MONDELLO: Actors may seem sincerely grateful for your applause at curtain calls, but they're performing. I found it moving the first time I saw "Mame," when Angela Lansbury had tears streaming down her face as the audience stood for her. Two years and 800 performances later, when I saw her on tour and again the tears streamed, I wondered if she kept a raw onion backstage. Still, that's showbiz, as is applause - our chance to be part of the act. I had a theatre professor who said that audiences clapped not just to show that they like something, but also to let the performers know they understand it. Say an actor delivers a big diatribe and ends by stomping offstage, slamming a door behind him. When people applaud, they're saying, we get it. The emotion's clear. The moment works. Same thing in a musical when a song has a big finish.


IDINA MENZEL: (Singing) Ah-ah-ah-ah.

MONDELLO: As "Wicked" establishes again and again, end on a high note with an orchestral flourish...


MONDELLO: ...And you all but force an ovation. At the show's conclusion, as at a less flashy song, the audience will clap just out of politeness, but a smart director can give them one last thrill. I remember Yul Brynner touring in a bedraggled "King And I" toward the tail end of his career. The applause was tepid as the others smiled down front. But when it came Brynner's turn, he planted his feet wide at the back of the stage, crossed his arms in that kingly stance of his and glared at the audience.


MONDELLO: It was a command. He was the king, and he wasn't coming forward until the audience stood. So the audience stood. Could only work if you're Yul Brynner.

So is there a model curtain call? Well, conceptually, the one for "A Chorus Line" is pretty great. Though, in keeping with its the-group-is-everything ethos, it doesn't allow for individual bows. Instead, the dancers who've been desperately auditioning all evening in rehearsal clothes dance on one-by-one in gold costumes and top hats - not bowing, but doing the big number they'd been so desperate to be anonymous in.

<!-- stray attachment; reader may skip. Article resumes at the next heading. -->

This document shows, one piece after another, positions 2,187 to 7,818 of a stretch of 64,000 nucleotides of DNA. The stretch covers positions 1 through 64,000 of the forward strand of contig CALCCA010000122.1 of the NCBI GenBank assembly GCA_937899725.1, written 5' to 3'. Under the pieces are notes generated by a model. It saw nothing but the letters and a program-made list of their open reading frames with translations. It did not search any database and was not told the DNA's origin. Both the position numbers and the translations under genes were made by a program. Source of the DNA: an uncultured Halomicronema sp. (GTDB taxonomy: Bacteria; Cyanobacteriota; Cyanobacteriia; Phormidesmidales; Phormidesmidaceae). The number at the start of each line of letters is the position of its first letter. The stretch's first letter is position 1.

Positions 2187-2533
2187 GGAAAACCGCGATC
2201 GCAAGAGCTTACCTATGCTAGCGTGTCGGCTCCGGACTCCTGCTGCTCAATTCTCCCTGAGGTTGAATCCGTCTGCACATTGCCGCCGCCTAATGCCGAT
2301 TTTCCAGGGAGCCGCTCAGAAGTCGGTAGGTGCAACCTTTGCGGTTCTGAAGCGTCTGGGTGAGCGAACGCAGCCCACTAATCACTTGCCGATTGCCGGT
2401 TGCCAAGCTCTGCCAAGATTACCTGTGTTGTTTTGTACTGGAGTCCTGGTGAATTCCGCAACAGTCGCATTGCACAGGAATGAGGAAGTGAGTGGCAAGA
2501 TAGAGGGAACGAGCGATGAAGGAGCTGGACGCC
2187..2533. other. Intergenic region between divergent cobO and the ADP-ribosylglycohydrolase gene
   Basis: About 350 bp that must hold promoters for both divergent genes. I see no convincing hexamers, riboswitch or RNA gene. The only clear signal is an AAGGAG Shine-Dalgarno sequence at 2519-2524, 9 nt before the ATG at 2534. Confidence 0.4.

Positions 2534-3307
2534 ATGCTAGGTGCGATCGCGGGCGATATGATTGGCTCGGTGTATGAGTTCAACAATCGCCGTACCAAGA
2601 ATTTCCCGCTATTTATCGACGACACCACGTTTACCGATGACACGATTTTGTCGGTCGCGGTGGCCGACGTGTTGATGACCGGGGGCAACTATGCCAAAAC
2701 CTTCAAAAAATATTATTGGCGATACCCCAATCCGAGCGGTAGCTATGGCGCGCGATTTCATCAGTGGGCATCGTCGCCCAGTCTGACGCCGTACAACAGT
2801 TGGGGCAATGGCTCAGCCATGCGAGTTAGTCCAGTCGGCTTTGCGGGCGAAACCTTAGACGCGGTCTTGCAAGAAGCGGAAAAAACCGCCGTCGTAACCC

UNIDENTIFIED SINGERS #3: (Singing) One singular sensation, every little step she takes.

MONDELLO: Individually singular, together they are a sensation. And as the curtain falls and the audience cheers, they're still kicking.

It must be thrilling to be on the receiving end of applause. I'm guessing, of course, based on how good it feels to do the applauding. Always leading the cheers, never getting them - that's a critic's lot in life. Though, maybe my producer could arrange a little audio curtain call for my signoff. Anything in the effects bank?


MONDELLO: Ugh, polite applause - total mood-killer.


MONDELLO: That's more like it. Let me just bask for a moment. Love it. I'm Bob Mondello.

Thank you. Thank you. Very kind. Oh, please, it's too much. Thank you. Thank you. Transcript provided by NPR, Copyright NPR.

Bob Mondello, who jokes that he was a jinx at the beginning of his critical career — hired to write for every small paper that ever folded in Washington, just as it was about to collapse — saw that jinx broken in 1984 when he came to NPR.